Help From Tom Clancy

Clancy, Tom - Debt of Honor (1994 HB)

Clancy, Tom – Debt of Honor (1994 HB) (Photo credit: sdobie)

Tom Clancy’s 5 big rules for writing and life

“Learn to write the same way you learn to play golf,” the novelist advised


Tom Clancy, the insurance agent turned superpower thriller novelist, died yesterday at the age of 66, leaving behind a legacy that includes blockbuster books (over 100 million copies of his books in print), movies, even videos games. Although he didn’t set down a list of writing tips for posterity––or at least, if he did, it’s still stealthily unrevealed––through interviews and lectures Clancy offered advice that can be applied to any style of writing.

Tell the story.

“Fundamentally, I think of myself as a storyteller, not a writer.” What’s the difference you may ask? Instead of trying to impress critics with his literary pyrotechnics, Clancy said he told stories to “take people away from driving trucks or fixing toilets or whatever they do, away from their drudgery. That’s a good enough purpose for any man.” Clancy’s career really took off when a man not known for being a member of the literati, then–President Ronald Reagan, labeled Clancy’s first book The Hunt for Red October a “perfect yarn.”

Writing is like golf.

“A lot of people think [when you write] something mystical happens to you, that maybe the muse kisses you on the ear. But writing isn’t divinely inspired––it’s hard work.” Clancy’s advises writers to “Learn to write the same way you learn to play golf. You do it, and keep doing it until you get it right.” READ MORE HERE.

The Most Popular Fiction Authors in America By Number of Sales

Where Are the Children? book cover

Where Are the Children? book cover (Photo credit: Wikipedia)

The Most Popular Fiction Authors in America By Number of Sales


It may shock you to know that there is no single repository of statistics for the number of books sold by an author. Likewise, there is no keeper of records on the sales of a particular book title. (Registering your book with the Library of Congress only protects the copyright. The library does not track sales.)

Authors or publishers get an International Standard Book Number (ISBN) that is unique to each book format. Thus, a title may have several ISBNs attached to it, one for hardback, one for paperback and one for an ebook. Writers may change publishers, and publishers may change their names, merge or disappear. Multiply this complexity by the sales made worldwide, and you can understand why the following figures have a tremendous margin for error.

This list includes only American fiction authors, who have sold over an estimated 100 million books. William Shakespeare and Agatha Christie, both Brits, are by far the biggest individual sellers of books with an estimated 2-4 billion. Yes, that is billion with a capital B. Keep in mind that the numbers refer to the complete works of an author (including co-written works) and not a specific title.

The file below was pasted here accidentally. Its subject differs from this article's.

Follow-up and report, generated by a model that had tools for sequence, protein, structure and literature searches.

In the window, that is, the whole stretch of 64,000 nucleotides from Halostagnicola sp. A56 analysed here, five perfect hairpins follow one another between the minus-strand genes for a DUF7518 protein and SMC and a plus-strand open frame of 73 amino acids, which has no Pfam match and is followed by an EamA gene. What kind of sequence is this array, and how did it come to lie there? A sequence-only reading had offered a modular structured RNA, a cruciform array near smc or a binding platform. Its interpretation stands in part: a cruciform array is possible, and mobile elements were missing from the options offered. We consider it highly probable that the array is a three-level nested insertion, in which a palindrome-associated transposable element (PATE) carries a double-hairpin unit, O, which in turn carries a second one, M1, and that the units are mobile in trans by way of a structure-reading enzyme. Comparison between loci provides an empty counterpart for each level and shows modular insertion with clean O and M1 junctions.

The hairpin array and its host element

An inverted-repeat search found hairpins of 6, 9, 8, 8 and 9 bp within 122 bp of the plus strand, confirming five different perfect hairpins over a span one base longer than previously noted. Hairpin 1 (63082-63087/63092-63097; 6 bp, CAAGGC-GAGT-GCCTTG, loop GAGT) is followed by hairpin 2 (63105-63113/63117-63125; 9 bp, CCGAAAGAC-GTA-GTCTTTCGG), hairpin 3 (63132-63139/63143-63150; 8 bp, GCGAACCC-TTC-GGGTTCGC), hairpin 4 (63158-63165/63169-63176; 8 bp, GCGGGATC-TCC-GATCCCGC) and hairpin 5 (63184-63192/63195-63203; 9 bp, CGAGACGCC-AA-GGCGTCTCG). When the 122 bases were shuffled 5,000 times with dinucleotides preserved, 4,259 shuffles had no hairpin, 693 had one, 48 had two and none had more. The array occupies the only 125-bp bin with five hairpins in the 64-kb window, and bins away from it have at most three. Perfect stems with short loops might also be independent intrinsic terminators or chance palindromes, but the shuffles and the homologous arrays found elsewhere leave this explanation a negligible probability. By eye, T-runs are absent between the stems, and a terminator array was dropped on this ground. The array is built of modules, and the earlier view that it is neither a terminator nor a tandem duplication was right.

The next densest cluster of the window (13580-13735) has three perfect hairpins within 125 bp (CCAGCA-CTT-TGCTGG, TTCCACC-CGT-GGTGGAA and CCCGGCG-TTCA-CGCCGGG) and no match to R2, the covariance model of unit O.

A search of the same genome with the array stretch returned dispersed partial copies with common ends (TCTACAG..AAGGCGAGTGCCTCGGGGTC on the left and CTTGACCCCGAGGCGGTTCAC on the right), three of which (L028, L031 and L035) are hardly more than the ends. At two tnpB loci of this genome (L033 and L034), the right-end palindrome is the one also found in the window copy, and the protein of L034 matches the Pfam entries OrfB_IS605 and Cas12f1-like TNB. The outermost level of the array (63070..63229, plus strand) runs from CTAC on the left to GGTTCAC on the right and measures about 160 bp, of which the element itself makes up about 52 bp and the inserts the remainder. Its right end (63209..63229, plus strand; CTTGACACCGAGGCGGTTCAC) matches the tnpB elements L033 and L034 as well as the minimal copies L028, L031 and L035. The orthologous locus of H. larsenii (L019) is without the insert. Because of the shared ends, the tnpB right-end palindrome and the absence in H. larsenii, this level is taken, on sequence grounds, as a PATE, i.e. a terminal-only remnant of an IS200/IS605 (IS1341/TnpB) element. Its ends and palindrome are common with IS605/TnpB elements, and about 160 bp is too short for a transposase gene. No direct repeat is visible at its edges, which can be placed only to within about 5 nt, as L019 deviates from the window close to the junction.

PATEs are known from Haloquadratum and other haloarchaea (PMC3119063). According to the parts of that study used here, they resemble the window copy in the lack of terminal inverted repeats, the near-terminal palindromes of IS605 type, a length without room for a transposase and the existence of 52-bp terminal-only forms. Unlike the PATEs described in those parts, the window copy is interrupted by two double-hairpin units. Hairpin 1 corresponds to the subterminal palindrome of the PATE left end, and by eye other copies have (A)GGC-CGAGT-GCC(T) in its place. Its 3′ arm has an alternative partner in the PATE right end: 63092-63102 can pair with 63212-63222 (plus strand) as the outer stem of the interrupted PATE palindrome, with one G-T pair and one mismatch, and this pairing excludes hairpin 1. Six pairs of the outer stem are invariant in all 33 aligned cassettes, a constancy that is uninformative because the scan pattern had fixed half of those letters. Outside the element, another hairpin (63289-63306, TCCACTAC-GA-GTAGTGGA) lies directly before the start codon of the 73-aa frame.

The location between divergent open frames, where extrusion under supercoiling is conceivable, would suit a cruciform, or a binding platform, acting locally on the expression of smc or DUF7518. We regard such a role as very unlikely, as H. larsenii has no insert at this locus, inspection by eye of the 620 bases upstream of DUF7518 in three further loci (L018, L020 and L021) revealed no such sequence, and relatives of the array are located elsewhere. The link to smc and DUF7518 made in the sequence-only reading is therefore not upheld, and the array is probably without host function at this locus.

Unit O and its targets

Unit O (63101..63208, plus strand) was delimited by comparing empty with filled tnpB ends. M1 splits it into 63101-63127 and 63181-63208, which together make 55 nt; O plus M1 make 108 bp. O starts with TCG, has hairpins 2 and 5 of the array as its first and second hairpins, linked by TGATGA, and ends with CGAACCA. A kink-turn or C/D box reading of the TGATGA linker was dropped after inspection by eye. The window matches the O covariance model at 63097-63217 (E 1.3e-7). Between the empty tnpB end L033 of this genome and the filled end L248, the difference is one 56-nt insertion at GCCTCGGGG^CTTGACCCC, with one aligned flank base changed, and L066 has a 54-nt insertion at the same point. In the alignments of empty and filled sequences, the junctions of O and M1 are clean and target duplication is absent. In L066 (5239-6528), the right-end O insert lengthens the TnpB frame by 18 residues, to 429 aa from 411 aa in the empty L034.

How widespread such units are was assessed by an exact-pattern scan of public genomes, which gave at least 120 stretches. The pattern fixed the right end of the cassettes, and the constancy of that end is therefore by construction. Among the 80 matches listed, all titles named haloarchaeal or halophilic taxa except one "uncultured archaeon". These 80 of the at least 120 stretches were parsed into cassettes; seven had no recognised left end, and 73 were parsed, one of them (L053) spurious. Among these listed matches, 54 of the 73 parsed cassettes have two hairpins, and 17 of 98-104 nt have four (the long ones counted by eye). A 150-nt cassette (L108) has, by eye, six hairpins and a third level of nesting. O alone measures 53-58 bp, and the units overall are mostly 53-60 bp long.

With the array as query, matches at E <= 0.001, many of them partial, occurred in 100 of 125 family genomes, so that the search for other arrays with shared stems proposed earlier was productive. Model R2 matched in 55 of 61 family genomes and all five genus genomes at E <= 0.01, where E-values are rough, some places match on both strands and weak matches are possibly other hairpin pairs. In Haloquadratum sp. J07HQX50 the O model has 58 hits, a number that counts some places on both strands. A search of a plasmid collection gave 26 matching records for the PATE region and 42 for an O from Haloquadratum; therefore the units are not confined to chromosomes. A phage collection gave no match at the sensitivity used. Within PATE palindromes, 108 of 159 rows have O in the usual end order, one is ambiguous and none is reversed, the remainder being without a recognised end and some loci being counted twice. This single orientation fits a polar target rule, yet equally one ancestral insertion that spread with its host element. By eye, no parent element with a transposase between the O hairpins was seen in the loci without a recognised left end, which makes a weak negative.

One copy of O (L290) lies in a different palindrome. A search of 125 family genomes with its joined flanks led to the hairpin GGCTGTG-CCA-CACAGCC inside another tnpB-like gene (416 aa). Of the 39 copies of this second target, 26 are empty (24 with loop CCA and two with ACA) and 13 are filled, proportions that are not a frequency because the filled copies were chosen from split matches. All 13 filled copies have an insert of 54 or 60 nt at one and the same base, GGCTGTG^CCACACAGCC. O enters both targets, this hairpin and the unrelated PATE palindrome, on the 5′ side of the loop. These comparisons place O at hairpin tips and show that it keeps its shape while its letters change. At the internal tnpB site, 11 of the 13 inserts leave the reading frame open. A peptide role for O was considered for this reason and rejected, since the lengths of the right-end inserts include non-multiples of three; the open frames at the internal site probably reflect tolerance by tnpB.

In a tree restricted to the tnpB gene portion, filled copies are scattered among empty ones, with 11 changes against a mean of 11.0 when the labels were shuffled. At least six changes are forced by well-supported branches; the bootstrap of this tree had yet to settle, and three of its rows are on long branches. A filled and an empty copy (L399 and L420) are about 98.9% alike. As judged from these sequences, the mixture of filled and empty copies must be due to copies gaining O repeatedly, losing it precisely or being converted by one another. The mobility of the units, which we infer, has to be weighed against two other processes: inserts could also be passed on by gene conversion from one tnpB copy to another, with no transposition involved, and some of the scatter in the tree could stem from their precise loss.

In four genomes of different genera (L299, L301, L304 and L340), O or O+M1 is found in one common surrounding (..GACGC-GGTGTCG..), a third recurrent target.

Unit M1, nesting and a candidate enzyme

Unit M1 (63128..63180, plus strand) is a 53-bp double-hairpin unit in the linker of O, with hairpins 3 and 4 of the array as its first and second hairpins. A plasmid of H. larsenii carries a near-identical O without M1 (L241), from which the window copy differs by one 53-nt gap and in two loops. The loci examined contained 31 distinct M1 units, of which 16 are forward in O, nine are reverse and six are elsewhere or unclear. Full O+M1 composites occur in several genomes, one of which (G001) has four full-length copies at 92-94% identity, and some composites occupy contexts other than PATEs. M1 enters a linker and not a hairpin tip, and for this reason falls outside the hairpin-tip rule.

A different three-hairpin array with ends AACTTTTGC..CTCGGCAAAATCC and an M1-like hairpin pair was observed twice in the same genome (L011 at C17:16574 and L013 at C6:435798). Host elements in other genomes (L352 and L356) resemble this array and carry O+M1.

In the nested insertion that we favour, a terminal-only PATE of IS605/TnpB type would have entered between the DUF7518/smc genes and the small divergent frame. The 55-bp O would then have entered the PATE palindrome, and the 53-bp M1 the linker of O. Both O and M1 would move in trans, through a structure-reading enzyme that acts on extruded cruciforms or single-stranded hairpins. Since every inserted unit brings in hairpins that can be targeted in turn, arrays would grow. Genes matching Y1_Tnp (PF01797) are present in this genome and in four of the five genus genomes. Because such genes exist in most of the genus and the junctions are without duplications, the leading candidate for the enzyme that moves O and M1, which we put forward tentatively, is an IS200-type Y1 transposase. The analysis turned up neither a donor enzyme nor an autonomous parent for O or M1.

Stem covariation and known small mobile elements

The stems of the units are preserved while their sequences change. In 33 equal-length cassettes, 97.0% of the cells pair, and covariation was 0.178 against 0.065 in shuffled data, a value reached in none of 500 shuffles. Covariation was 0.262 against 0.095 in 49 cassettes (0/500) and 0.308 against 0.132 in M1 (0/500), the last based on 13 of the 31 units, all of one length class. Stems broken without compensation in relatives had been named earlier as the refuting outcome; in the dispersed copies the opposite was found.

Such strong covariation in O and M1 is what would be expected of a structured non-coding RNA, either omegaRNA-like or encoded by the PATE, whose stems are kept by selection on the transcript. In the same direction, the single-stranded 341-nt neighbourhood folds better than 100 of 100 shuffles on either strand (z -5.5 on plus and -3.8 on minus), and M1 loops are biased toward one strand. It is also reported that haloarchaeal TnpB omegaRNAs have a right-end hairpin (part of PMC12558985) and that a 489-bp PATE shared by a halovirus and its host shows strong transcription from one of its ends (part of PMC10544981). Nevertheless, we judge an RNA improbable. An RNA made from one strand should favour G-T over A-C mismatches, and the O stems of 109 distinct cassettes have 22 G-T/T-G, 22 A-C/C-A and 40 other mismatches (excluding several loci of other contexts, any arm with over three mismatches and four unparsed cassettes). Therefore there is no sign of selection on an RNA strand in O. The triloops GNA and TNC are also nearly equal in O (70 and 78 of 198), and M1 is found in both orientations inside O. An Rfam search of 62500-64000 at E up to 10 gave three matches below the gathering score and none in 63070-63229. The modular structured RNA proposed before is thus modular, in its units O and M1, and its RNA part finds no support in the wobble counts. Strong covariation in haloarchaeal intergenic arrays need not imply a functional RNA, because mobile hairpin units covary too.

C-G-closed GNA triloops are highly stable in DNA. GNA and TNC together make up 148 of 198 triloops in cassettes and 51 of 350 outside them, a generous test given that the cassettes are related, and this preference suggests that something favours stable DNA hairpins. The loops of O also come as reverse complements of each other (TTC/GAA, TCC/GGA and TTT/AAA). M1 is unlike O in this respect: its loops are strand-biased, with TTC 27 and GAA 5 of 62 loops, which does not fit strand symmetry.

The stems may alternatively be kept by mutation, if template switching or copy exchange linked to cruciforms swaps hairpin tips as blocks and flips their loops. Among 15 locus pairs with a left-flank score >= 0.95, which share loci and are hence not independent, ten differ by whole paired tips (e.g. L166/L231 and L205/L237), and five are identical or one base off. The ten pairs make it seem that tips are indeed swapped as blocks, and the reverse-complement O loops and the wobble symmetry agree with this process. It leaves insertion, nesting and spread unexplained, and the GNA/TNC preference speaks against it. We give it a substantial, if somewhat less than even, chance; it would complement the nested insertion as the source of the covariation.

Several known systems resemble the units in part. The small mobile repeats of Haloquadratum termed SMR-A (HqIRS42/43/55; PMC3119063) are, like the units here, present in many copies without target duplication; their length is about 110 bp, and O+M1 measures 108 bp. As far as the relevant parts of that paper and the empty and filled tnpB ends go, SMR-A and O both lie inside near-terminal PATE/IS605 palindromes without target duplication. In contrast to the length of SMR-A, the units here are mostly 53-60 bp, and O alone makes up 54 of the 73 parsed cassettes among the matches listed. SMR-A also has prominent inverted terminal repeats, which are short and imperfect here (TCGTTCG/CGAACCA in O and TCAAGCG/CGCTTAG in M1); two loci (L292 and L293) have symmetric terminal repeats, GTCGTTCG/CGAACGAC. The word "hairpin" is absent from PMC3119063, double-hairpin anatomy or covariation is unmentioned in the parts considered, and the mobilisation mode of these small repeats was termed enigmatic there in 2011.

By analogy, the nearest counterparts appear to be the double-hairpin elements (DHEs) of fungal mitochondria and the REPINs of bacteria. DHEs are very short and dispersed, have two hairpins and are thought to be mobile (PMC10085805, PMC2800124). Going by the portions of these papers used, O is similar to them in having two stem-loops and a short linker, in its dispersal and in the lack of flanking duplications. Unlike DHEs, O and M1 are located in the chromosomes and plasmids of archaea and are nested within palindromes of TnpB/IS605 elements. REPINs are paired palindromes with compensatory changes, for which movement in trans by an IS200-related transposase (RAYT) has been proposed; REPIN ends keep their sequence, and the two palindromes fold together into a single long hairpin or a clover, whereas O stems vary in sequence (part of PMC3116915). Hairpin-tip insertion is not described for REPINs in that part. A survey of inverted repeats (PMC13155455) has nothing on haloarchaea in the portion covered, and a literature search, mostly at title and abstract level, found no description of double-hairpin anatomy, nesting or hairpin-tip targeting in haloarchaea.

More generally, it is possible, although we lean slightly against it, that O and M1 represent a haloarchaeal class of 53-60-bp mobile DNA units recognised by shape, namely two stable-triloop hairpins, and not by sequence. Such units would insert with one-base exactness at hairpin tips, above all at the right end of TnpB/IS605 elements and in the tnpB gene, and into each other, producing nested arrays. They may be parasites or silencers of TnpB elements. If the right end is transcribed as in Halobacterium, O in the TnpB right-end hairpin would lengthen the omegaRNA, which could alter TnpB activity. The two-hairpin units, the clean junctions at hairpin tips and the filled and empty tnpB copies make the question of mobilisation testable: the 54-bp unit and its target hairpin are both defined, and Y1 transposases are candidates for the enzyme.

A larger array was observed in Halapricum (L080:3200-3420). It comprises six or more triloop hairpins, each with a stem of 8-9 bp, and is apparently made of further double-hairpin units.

The list is fluid in that younger authors will no doubt improve their rankings over their careers. Likewise, as populations and communications have increased, so has the exposure of these authors to an increasing audience. The added popularity gained when a book is made into a movie or television show can cause sales and rankings to soar.

The prolific series of children’s or young adult books by R.L Stine, Ann M. Martin, Stan and Jan Berenstein, Richard Scarry, Gilbert Patten or Norman Bridwell (from 400 to 80 titles each) average just 2 million units per title. Taken as a body of work, each of these writers has sold over 110 million books. Dr. Seuss wrote just 44 books with the same rate of sales and like Stine and Patten are in the top ten. Only one nineteenth century writer, specializing in rags-to-riches stories about young boys, is in the top ten. Horatio Alger wrote 135 dime novels.

Although only ten American women (one of those, Jan Berenstein co-wrote with her husband) made the top forty, a woman, Danielle Steel, came in at number one. She has sold between 500-800 million romance books and has written about 120 titles. Other best selling romance writers include Janet Dailey, Nora Roberts, Debbie Macomber and the youngest and least prolific author, Stephanie Meyer of Twilight fame. Other women in the top forty include gothic/horror author V.C. Andrews, whose works are now ghost written by a man; Anne Rice, the queen of vampires; suspense writer Mary Higgins Clark; and forensic writer Patricia Cornwell.

Two Western authors made the top twenty. Louis L’Amour and Zane Grey have both sold over 230 million books. L’Amour is credited with over 101 books, while Zane Grey’s count is unclear. Publishers sold about 24 of his books after his death in 1939, but a conservative estimate is around 55 titles.

Only one other American has done as well as Stephanie Meyer when it comes to selling the most books with the least number of titles. His name is Dan Brown. Thanks to Tom Hanks (The DaVinci Code) he has sold over 120 million books with just 5 titles. Likewise, only one name on the list is someone you might study in an American literature course. His name is Erskine Caldwell. You may have heard of his books, includingTobacco Road and God’s Little Acre.